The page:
Random Dungeon Generator

Death Raiders Random Dungeon GeneratorRandom generators have interested me for a long time, so naturally this random dungeon generator for Death Raiders caught my eye:

We’ll need to know how dungeon generators usually work. Basically, they split the whole map into rectangles of different sizes, filled with rooms. Then, the paths between them are built. Usually, there are a couple of rooms that must be there, or that at least, could be there. These rooms are commonly very specific, as in basically being pre-made.

Our system, is, in fact, more similar to this approach. All the rooms are “tilesets”; this is, squares of 20×20 tiles. What our software does is basically use these tilesets as if they were Tetris blocks. It turns them and puts them in a way they fit with their surroundings. It’s the same system we were using before, but previously the tilesets were much smaller (6×6).

Does this mean dungeons will be basically the same 4 or 5 pieces put together again and again? Well, by looking at the image above, it could look like that, but that was one of the first attempts and features just a couple of tilesets (you can probably discover them yourself). Currently we have more than 50 basic tilesets, and creating more is a really fast process. This tilesets can be from big rooms to long corridors, from mazes to simple dead ends. Maybe it’s not the most random system around, but I can tell you, it’s going to be good.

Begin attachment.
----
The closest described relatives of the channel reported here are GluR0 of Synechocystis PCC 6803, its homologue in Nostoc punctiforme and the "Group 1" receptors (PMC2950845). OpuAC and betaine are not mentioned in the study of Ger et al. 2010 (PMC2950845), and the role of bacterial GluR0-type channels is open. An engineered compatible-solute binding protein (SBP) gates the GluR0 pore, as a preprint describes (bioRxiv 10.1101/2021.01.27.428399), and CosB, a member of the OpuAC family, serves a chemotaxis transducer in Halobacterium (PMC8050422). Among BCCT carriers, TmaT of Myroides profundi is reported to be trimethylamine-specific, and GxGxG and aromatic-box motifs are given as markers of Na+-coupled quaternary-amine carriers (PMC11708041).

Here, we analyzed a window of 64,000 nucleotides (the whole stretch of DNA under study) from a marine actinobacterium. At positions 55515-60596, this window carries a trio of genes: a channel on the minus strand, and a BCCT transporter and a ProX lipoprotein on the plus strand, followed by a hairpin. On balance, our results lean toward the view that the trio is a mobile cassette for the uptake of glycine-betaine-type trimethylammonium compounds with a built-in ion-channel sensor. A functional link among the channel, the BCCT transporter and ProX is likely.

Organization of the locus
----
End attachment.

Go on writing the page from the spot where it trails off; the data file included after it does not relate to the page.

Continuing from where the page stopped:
Volsung @ Death Raiders

I remember running a maze generator program sometime around 1976 … why, that was thirty-some years ago … I didn’t actually study the source code for that maze generator, but I’ll bet it was similar, in its primitive way, to the Death Raiders generator.

Costikyan on Randomness

Greg Costikyan on Randomness

Greg Costikyan has posted an engaging essay on randomness in game design. It’s a thoughtful, extensive read; here’s a sample to whet your appetite:

One sort of game aesthetic says: Games should be won by skill and not luck. Hence any recourse to randomness by a game is bad.

Curiously, it’s an attitude held by two sorts of gamers who otherwise have very little in common: Fans of abstract strategy games, and fans of first-person shooters.

Greg Costikyan: Randomness: Blight or Bane? @ Play This Thing!

I’m not sure what Costikyan means by “blight or bane” … perhaps he intended “boon or bane” …?